\Most automobile shoppers are unwilling to pay the price premium that accompanies vehicles with alternative fuel technology over traditional-gasoline powered vehicles, says a new survey measuring consumer attitudes regarding diesel, hybrid, electric, and plug-in hybrid vehicles.
The survey, conducted by AutoTrader.com, found that 46 percent of respondents believed that diesels were too expensive to purchase, with the numbers going up for EVs (60 percent), hybrids (66 percent), and plug-in hybrids (71 percent).
“As automakers continue to invest in alternative fuel technologies to meet the ever-increasing fuel economy and emissions standards, it is important that they address car shoppers’ concerns about these vehicles if they want to accelerate adoption,” says Brian Moody, an editor at AutoTrader.com.
The fact that automakers have begun to reduce the prices of vehicles with electric powertrain technology is proof that they recognize that cost is a major factor for consumers, Moody says. “However, if they want to increase sales, they will need to keep making improvements in range, as well as charging infrastructure and technology to lessen the anxiety and perceived burdens these alternative technologies introduce into the ownership experience,” he says.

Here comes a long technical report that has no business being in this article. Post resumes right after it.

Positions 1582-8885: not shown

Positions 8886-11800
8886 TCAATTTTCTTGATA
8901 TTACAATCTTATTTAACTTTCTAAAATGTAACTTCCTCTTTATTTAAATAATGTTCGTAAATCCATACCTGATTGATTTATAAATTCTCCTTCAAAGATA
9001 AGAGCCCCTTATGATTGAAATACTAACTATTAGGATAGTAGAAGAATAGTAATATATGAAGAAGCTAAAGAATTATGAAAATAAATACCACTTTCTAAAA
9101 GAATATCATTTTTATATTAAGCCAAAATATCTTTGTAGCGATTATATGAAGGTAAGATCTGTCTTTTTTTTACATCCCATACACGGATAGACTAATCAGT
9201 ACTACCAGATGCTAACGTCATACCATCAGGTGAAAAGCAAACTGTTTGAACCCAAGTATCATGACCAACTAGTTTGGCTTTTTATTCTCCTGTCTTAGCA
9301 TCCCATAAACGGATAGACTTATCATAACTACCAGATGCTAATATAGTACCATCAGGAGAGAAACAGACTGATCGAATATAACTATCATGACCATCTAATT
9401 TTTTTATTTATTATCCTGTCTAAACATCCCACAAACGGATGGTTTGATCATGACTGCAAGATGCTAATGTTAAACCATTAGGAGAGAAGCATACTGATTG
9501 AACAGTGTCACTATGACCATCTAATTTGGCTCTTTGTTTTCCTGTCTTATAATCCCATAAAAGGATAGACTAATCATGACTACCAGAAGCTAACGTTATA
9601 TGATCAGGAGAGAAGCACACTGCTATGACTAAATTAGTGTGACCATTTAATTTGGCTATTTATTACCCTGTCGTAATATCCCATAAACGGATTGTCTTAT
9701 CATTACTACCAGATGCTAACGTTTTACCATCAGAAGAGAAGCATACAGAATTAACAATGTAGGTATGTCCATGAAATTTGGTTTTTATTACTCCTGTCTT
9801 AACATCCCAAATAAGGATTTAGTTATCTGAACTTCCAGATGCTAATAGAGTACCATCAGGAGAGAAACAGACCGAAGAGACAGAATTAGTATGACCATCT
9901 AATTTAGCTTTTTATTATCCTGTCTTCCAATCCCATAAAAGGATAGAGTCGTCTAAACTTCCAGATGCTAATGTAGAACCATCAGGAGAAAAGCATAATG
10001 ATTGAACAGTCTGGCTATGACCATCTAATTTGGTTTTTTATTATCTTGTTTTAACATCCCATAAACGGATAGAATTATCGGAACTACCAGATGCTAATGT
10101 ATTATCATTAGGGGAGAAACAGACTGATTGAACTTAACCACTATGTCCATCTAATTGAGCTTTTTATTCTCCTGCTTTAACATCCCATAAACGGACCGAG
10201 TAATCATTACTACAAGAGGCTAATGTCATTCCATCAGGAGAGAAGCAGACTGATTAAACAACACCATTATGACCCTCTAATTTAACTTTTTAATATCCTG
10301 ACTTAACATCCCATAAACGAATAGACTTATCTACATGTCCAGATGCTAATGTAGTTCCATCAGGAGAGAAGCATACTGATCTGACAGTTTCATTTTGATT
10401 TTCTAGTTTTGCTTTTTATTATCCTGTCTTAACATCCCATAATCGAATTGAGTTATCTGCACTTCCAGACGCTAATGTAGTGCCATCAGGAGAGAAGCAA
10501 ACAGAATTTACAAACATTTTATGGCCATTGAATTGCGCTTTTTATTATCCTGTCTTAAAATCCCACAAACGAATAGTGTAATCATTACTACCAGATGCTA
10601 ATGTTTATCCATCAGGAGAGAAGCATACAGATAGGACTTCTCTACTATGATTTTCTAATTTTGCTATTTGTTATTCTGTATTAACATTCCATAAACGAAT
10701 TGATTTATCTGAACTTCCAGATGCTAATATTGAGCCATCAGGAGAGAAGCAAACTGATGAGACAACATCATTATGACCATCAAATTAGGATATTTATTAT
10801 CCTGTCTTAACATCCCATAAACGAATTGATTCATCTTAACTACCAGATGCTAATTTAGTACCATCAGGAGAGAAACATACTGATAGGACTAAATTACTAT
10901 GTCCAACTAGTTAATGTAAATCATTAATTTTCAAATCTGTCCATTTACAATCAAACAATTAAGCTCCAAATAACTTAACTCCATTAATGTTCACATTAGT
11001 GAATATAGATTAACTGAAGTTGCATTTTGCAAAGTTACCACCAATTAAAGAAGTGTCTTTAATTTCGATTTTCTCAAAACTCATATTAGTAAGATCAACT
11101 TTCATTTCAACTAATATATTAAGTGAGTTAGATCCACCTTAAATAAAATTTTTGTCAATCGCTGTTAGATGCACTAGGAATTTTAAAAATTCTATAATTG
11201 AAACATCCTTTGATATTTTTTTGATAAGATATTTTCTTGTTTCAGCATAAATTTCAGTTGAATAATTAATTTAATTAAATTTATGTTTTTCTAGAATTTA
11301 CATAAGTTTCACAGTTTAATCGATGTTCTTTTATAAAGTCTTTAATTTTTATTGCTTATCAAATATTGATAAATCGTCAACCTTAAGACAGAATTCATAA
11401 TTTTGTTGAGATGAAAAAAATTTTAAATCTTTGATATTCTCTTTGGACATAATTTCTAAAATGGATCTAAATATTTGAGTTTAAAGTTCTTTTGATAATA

While costs consistently topped the lists of deterrents for each category, consumer perceptions also can make a difference. For example, 32 and 29 percent of consumers cited noise and “not really better for the environment,” respectively, as reasons for why they would not buy a diesel.
“Diesels have come a long way since they were first introduced in the U.S., but that perception of the clunky car with black soot coming out the tailpipe persists,” Moody says. “Automakers who are investing in clean diesel technology need to ensure that they are clearly explaining and promoting how diesel technology has changed.”
Other top concerns for EVs, hybrids, and plug-in hybrids include maintenance and battery life/range. Respondents also were concerned about the number and distance between charging stations.
On a follow-up question regarding EVs and plug-ins, 59 percent of respondents indicated that EVs would need to get over 150 miles per charge for them to consider the vehicle, and 56 percent said plug-in hybrids would need to get over 80 miles on a single charge for them to consider the vehicle.
In a separate automotive survey, sales satisfaction among new vehicle buyers was found to be 52 percent higher when a salesperson used a tablet device during the sales process.
“Although tablet usage has increased from a year ago, dealers are still missing an opportunity to improve their sales experience by providing shoppers with sales information on a single platform that allows them to easily browse options and features with immediate commentary from their salesperson,” says Chris Sutton, senior director of the automotive retail practice at J.D. Power, which conducted the study.